On Feb. 16 and 17, Concordia’s Art History Undergraduate Journal (CUJAH) hosted their eighth annual conference, Dislocation: Art in a Mobile Age. The discussions focused on locality in art, drawing on issues of representation and mobility. The conference explored how artists claim spaces for production and exhibition. Guest speakers included Concordia students, artists, academics, workshop facilitators, and McGill Professor Charmaine A. Nelson, whose research focuses on black Canadian Studies in the Department of Art History.
In collaboration with CUJAH, The Fine Arts Students Alliance at Concordia (FASA) hosted a panel about redefining and creating spaces for artistic expression in the digital age. Guests discussed pushing the boundaries of a physical gallery space, and how they plan to move toward virtual mediums to present art.
The panel included speakers whose expertise extends beyond the confines of traditional institutions, including digital content creators and dance workshop facilitators. The FASA talk epitomized a new age in art and technology, bringing in creators who use a range of forms, including Google Maps, wearable computing, tech education, and sound and space research.
Lucas LaRochelle, founder of Queering the Map, discussed their storytelling platform and how it acts as a living archive of queer experience and collective memory. Queering the Map is a community-generated mapping project that geolocates queer moments and memories in physical, public spaces, offering queer people the opportunity to document their own experiences. LaRochelle’s mapping project, which started in early 2017, has over 15,000 documented moments in Canada, the U.S., and Australia, and is expanding globally. LaRochelle started the project to examine the relationship between space and memory.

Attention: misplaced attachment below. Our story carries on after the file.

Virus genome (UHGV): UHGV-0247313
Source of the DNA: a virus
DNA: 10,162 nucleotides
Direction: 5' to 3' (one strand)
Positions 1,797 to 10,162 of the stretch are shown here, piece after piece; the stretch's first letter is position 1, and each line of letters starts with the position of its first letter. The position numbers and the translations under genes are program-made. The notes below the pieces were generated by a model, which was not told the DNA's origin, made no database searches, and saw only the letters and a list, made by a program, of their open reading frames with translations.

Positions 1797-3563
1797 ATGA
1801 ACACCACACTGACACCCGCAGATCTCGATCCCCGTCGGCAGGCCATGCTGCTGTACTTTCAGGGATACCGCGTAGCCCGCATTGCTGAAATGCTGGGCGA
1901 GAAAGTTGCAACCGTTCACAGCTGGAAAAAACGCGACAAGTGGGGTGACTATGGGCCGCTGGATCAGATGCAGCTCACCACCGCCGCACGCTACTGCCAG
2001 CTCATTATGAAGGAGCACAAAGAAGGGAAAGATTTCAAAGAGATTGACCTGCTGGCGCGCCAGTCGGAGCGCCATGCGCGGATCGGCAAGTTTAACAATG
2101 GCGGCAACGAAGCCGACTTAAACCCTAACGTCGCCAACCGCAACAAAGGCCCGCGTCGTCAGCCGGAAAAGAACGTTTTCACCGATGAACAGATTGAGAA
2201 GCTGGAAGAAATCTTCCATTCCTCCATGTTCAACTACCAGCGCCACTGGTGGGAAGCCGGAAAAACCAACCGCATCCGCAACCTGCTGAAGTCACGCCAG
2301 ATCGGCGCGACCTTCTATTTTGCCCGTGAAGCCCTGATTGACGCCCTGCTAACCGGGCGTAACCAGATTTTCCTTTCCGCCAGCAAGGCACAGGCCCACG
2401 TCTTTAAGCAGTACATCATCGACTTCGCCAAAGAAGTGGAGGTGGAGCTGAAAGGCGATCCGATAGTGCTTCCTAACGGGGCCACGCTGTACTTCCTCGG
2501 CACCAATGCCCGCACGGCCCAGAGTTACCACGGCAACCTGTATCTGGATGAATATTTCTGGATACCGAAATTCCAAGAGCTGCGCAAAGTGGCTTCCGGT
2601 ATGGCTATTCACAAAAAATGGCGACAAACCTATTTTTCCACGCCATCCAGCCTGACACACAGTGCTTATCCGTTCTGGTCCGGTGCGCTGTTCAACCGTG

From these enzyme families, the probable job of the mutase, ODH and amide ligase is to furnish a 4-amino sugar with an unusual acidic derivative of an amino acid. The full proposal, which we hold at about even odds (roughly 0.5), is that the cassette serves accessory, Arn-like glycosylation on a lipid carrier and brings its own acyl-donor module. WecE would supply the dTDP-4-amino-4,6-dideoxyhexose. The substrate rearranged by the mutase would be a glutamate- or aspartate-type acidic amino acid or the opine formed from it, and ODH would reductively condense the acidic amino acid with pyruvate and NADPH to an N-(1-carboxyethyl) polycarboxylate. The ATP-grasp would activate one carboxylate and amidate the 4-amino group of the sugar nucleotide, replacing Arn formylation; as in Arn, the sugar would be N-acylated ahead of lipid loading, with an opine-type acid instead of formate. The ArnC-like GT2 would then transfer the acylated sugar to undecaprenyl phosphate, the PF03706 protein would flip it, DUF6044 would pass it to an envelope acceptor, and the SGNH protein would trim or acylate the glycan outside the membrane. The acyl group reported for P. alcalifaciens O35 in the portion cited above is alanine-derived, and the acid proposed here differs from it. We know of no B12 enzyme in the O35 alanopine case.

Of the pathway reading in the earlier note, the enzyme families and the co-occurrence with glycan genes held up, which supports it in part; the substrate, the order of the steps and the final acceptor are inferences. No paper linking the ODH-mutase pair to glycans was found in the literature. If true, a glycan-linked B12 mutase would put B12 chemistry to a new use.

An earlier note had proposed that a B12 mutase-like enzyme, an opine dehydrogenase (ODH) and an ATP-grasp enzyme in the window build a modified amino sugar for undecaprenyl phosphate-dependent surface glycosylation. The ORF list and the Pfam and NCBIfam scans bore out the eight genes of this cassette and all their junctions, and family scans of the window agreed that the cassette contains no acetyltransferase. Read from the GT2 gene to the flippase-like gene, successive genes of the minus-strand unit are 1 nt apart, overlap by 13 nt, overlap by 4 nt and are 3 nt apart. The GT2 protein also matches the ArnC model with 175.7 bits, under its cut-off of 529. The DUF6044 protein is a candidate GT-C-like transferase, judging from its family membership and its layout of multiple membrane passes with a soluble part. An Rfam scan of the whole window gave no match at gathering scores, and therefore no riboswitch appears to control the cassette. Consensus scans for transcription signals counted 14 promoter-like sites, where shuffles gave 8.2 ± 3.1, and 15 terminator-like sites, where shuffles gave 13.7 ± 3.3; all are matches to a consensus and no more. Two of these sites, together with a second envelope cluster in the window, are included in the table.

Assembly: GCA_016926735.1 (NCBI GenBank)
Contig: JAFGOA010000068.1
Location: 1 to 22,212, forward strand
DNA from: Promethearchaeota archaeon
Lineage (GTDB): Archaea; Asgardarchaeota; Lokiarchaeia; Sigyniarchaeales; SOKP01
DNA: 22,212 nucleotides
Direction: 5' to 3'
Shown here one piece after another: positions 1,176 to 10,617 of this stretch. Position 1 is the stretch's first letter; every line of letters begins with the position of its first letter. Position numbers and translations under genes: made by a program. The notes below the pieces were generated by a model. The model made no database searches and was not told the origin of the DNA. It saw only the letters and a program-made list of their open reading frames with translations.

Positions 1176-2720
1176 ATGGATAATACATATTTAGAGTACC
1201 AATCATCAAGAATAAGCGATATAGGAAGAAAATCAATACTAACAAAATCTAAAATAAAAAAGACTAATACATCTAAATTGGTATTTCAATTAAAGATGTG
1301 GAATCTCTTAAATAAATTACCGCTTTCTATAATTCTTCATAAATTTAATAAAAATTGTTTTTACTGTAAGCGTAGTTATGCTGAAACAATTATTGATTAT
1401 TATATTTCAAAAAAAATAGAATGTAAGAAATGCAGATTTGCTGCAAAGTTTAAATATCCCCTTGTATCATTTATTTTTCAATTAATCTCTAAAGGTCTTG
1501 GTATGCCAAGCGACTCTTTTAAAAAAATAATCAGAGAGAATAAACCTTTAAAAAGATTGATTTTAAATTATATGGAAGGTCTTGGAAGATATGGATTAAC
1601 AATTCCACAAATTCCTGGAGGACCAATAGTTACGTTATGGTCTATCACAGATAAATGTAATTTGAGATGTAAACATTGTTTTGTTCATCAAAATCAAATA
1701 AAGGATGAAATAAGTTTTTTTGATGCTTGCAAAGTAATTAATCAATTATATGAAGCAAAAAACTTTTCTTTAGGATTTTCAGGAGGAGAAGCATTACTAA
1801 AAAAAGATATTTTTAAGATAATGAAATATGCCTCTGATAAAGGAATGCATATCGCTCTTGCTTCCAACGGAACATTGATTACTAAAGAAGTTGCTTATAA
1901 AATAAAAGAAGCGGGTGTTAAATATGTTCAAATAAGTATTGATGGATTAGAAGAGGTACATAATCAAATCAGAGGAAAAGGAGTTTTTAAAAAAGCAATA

“I was thinking about the multiplicity of feeling that is held in particular locations and what it means for me in relation to that place and what it would feel like to move in a world that was animated by the multiplicity of how people experience space,” LaRochelle said.
Florence Yee, a queer Toronto and Montreal-based artist, also spoke on the panel. Yee’s textile projects use text to reflect their experiences as a diasporic Cantonese person living in Montreal and the tensions that come with trying to express their culture and sexuality within the confines of white institutions. Drawing inspiration from their Cantonese-Canadian history, Yee examines the daily life of individuals in the diaspora through the lens of gender, race, and language. Yee noted the inclusion of their art in galleries as a reclamation of traditionally white, male-dominated spaces.
Nelson was the keynote speaker for CUJAH’s conference, where she presented her research on fugitive slave advertisements in the eighteenth and nineteenth centuries. Her talk focused on newspaper advertisements for slaves mainly in Nova Scotia, Quebec, and Jamaica and aimed to shed light on slavery in Canada.
“Found throughout the transatlantic world, fugitive slave advertisements demonstrate the ubiquity of African resistance to slavery,” Nelson writes. “Recalling fugitive slave advertisements as a form of visual culture, this presentation positions them as one part of the colonial infrastructure and network, including slave owners, printers, and jailers, that sustained the racialized distinction between free and unfree populations.”
CUJAH’s weekend-long conference reaffirmed why space matters when discussing the production and display of art. Although the artists, creators, and academics who attended came from diverse professional backgrounds, all of the speakers were keen to pave the way for the future of art.